The government’s new action plan to curb use of fossil fuels can replace close to half of the motor vehicles to run on electricity on Indian roads by 2030.
The Union Cabinet will soon consider the Faster Adoption and Manufacturing of Hybrid & Electric vehicles in India (FAME) scheme to provide both manufactures and consumers of electric vehicles (EVs) to get assorted incentives: tax and non-tax, according to The Financial Express.
The discussion includes reducing the Goods and Services Tax (GST) levied on electric cars to zero from 12% now. At present, the GST (inclusive of cesses) on petrol/diesel vehicles ranges around 28-43%.
If states agree to the plan, EVs will be exempt form toll-tax and road-tax making it cheaper.
EV’s cost around 2.5 times of petrol/diesel vehicles and the scheme could enhance cash incentives to buyers, sources aware of the plan told Financial Express.
The move will also ease domestic EV manufacturers as well as encourage global players such as Tesla, Toyota, Nissan and Renault to set up manufacturing units in India.
Under the FAME scheme, a two-wheeler buyers get up to Rs 22,000 reduction in purchase price while the price discount is up to Rs 25,000 for three-wheelers and Rs 1.87 lakh for 4-wheelers.
EVs manufactured in India can travel about 100 km in a single charge compared to 300-350 km by EVs manufactured by firms like Tesla. To solve this problem, the government will likely incentivise setting up of lithium ion battery plants in India.
Earlier, Maruti Suzuki India had approached the government for incentives to establish an integrated manufacturing facility for the battery pack in India.
Mercedes Benz Managing Director for India Roland Folger has also asked the government to offer incentives on electric-car imports until local output becomes viable – if New Delhi is keen on ending fossil-fuel transport by 2030, reported The Economic Times.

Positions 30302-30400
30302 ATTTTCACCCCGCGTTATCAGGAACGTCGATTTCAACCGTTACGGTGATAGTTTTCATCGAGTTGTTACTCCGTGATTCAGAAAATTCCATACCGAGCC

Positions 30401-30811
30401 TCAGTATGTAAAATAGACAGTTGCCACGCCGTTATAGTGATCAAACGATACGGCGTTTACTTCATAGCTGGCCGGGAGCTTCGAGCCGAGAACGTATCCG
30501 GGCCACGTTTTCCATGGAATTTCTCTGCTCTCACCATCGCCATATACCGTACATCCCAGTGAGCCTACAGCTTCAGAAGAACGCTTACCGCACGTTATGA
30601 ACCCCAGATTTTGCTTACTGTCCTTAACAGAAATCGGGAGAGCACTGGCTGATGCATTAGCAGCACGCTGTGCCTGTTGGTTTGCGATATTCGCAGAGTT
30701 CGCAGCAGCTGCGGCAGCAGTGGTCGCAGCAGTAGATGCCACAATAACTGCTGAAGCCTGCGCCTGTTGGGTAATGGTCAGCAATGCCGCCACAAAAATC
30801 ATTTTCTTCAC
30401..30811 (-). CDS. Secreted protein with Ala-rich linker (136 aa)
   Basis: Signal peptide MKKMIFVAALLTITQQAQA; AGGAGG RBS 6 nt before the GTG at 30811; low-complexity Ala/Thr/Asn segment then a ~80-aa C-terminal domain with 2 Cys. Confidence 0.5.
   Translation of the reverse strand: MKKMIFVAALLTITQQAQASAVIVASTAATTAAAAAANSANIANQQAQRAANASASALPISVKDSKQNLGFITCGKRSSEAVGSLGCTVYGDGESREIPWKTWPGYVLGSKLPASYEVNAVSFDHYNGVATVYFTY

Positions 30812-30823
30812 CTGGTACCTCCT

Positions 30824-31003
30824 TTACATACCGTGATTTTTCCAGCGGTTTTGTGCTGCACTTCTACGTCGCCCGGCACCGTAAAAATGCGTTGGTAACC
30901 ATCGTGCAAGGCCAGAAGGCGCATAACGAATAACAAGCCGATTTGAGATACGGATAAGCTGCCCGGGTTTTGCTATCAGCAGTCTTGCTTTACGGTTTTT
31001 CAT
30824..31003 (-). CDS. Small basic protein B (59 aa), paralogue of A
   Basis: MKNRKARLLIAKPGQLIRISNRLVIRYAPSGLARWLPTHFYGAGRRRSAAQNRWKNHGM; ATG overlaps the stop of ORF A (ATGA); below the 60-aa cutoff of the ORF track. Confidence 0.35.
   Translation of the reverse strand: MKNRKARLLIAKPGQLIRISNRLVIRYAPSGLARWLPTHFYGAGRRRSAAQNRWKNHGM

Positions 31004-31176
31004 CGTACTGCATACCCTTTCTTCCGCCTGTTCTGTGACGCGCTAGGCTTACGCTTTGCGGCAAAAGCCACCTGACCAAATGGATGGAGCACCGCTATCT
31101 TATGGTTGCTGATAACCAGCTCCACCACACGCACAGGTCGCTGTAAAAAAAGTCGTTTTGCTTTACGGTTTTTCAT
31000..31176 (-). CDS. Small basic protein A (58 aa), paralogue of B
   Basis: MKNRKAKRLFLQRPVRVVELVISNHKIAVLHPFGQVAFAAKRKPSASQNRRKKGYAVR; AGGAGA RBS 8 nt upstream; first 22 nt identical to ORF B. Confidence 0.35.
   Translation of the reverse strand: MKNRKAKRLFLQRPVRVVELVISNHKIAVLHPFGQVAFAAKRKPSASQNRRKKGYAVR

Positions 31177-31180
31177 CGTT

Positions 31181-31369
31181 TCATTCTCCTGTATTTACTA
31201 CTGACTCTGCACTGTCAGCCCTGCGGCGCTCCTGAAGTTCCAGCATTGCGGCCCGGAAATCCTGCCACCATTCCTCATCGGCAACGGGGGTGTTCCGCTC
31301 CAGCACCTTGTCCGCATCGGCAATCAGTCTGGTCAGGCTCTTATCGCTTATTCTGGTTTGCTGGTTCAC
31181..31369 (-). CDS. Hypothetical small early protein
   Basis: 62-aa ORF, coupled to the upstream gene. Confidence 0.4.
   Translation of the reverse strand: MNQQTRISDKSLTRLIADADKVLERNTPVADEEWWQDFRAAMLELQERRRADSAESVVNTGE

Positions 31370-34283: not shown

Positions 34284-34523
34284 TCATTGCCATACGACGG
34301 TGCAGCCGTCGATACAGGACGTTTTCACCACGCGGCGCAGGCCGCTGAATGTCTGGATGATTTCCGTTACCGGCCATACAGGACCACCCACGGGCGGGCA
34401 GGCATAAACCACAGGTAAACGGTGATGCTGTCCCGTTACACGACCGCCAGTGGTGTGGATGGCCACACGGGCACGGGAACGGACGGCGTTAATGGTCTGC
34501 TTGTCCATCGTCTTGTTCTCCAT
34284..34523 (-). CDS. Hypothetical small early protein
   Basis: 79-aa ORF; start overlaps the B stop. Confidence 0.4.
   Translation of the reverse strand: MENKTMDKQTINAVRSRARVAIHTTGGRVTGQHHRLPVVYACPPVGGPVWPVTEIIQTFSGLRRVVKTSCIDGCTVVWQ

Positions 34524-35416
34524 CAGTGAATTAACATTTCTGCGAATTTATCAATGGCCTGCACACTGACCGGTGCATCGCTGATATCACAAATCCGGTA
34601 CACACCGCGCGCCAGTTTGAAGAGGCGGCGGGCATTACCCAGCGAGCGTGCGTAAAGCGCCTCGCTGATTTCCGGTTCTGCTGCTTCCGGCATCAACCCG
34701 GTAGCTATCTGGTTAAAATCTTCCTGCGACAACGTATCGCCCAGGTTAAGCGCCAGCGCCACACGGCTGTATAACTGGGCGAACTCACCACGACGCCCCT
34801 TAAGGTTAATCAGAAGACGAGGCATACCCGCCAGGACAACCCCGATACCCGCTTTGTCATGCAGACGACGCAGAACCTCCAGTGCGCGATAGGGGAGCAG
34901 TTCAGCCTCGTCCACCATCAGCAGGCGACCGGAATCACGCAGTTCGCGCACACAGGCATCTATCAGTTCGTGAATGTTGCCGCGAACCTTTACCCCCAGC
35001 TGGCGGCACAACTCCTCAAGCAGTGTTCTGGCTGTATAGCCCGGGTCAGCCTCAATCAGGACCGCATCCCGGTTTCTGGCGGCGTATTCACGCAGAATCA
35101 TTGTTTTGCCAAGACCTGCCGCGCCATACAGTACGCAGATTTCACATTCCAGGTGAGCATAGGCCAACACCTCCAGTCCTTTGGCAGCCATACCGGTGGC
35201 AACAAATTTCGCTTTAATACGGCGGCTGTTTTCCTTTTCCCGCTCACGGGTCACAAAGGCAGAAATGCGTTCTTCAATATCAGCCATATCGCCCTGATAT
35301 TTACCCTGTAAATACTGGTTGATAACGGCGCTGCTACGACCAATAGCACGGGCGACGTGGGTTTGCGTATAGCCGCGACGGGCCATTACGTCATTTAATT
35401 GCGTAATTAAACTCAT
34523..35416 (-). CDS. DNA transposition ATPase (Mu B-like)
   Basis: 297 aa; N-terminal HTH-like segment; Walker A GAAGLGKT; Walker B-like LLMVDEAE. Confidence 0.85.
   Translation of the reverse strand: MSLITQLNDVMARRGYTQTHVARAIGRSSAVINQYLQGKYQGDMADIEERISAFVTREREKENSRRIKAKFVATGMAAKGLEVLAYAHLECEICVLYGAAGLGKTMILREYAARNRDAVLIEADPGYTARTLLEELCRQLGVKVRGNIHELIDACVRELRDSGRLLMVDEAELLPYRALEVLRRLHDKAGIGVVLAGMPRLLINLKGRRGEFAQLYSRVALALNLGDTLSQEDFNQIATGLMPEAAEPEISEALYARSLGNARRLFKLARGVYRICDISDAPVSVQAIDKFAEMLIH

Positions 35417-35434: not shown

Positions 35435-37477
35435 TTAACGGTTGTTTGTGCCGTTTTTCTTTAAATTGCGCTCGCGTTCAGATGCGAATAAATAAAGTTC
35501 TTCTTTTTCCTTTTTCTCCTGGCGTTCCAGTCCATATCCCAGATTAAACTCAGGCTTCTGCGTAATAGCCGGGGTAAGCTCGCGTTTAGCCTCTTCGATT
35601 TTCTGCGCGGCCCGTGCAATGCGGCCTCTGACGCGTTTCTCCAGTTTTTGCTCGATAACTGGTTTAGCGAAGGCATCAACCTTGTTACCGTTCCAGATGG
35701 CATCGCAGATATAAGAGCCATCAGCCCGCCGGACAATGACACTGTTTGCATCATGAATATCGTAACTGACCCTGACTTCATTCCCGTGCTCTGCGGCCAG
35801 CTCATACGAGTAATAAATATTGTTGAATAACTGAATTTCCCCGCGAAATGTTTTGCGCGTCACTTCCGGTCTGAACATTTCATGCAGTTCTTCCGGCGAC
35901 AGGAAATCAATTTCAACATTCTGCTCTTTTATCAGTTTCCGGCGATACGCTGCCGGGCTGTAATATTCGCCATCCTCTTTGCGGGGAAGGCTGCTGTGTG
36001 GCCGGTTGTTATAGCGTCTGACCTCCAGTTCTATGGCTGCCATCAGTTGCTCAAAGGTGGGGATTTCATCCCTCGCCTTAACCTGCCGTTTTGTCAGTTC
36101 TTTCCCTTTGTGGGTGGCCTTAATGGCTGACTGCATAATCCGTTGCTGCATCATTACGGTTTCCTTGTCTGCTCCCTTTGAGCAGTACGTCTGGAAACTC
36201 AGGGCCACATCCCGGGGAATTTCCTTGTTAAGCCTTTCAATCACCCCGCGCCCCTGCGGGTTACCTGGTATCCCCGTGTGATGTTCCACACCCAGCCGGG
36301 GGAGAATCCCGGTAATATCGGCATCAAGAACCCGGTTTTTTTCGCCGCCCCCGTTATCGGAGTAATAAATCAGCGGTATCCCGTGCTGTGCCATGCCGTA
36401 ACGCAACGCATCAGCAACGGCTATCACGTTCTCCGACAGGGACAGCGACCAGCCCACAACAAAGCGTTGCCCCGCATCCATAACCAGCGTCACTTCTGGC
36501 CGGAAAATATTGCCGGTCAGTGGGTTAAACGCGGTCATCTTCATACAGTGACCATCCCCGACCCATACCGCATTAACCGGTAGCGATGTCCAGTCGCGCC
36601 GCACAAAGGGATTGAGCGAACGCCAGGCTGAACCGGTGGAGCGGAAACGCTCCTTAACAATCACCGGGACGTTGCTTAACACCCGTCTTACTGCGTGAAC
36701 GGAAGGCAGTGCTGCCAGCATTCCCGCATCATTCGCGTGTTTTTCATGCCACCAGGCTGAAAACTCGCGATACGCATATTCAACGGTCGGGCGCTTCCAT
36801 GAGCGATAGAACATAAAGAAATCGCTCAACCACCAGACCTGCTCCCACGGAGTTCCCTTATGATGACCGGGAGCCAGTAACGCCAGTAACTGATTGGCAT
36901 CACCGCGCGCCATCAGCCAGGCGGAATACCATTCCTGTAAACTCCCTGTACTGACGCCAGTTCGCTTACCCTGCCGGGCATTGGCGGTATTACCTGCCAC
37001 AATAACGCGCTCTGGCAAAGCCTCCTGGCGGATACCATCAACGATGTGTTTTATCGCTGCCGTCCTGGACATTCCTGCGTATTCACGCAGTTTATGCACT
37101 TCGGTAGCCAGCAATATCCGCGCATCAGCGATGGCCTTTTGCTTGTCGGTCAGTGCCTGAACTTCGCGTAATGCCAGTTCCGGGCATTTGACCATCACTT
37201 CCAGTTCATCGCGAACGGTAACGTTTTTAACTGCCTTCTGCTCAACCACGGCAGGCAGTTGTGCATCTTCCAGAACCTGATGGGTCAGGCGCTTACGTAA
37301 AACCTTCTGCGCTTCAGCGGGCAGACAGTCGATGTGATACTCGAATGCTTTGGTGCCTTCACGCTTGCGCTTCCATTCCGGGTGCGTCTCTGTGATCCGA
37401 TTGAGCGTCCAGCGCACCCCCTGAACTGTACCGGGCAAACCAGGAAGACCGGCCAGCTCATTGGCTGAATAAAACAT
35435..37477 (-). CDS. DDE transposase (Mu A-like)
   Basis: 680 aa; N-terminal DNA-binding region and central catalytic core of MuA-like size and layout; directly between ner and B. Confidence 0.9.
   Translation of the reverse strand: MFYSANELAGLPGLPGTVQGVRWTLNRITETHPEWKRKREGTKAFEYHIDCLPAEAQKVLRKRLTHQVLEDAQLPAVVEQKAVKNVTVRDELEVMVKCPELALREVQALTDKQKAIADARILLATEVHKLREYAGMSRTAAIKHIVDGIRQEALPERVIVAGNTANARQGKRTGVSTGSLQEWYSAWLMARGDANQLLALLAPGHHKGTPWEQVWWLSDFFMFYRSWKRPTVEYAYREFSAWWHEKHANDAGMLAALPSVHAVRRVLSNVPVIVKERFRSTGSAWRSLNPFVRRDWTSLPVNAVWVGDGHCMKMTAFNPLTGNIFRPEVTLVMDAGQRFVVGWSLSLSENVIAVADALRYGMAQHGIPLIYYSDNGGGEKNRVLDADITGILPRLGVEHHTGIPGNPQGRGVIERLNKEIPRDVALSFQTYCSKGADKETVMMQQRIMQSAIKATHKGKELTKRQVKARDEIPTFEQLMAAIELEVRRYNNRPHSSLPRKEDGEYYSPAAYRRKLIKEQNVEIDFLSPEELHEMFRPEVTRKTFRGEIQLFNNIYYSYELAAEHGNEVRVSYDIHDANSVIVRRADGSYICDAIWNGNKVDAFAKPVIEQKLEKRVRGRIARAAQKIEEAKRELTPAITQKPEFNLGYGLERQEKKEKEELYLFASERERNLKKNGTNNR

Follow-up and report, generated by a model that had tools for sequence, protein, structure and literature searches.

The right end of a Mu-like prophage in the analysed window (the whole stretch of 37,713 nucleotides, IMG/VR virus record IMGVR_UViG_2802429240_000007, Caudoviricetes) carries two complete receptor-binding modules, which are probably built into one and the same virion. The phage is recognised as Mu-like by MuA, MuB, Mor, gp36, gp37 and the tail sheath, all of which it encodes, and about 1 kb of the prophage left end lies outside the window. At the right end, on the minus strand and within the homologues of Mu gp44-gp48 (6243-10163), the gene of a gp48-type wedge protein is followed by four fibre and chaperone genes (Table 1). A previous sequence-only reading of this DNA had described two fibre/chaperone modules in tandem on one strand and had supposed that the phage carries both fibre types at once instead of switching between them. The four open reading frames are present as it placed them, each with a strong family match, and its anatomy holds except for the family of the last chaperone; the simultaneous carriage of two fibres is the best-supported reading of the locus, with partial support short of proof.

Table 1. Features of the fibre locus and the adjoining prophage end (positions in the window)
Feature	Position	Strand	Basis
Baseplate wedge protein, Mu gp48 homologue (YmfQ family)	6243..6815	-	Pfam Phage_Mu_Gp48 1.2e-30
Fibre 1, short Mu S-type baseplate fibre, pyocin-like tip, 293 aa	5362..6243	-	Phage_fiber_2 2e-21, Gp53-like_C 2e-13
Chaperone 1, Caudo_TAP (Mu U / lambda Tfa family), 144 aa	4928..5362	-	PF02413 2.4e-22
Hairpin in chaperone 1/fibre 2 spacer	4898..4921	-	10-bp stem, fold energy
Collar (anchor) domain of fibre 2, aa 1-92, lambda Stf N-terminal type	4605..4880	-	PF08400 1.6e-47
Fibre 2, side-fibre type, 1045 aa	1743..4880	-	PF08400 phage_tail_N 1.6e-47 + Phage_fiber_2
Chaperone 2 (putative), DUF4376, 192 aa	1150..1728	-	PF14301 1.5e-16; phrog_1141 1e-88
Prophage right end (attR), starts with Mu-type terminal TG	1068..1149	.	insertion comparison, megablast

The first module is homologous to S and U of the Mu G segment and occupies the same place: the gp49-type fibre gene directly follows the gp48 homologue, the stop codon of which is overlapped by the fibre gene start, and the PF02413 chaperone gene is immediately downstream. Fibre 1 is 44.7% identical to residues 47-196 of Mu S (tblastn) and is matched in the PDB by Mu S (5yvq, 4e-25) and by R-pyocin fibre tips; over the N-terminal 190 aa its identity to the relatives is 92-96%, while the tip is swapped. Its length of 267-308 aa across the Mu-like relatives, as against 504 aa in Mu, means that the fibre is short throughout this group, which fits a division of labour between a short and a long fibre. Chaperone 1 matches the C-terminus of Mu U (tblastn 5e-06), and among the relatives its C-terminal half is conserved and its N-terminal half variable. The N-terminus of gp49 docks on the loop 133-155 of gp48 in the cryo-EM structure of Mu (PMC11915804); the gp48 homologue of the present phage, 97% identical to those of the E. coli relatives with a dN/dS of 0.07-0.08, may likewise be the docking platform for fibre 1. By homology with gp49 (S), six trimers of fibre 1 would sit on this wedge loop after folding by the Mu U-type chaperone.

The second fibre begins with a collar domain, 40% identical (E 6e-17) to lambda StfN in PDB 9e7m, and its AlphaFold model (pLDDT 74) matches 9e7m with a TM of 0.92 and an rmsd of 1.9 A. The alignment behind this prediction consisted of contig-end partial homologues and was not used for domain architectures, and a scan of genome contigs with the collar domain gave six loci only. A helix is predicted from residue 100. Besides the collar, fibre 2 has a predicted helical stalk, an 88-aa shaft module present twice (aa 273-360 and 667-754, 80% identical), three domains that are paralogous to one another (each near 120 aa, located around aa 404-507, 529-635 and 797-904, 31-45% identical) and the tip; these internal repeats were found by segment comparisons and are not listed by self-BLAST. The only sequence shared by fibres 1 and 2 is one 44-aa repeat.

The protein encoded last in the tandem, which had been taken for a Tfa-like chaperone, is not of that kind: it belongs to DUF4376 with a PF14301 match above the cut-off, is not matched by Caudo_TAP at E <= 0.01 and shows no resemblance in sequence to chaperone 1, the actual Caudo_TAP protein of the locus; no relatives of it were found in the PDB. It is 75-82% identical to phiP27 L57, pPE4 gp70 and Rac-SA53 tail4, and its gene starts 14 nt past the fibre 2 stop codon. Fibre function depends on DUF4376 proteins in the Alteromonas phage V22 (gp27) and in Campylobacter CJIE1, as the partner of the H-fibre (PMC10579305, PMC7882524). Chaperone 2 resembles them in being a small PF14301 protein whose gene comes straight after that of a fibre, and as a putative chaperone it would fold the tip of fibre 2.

The German automaker, which is heavily investing in technology for electric mobility, said that if adequate support is extended these vehicles may make their way to India by 2020.
Earlier in June, Tesla CEO Elon Musk had said on Twitter that he is in talks with the government of India regarding temporary relief on import restrictions until a local factory is built in the country.
With continued decline in battery costs, EVs are becoming cost effective. A set of fiscal incentives can create a self-sustaining EV market that will help India achieve its 2020 target of 6–7 million EVs and nearly half of the 66 crore (from 21 crore now) vehicles by 2030.
According to a Niti Aayog-Rocky Mountain Institute (RMI) report, India can save 64% of anticipated passenger road-based mobility-related energy demand and 37% of carbon emissions in 2030 by pursuing a shared, electric, and connected mobility future.
This would result in a reduction of 156 Mtoe in diesel and petrol consumption for that year.
“At $52/bbl of crude, this would imply a net savings of roughly Rs 3.9 lakh crore (approximately $60 billion) in 2030. This would help India in achieving its commitment under Paris Climate Agreement to reduce the emissions intensity of its gross domestic product by 33-35% by 2030 from 2005 level. Simultaneously, it would also help Indian renewable energy manufacturers who could have 175 gigawatt capacity including 100 GW from solar by 2022. The EV batteries could be used to store solar energy,” said the report.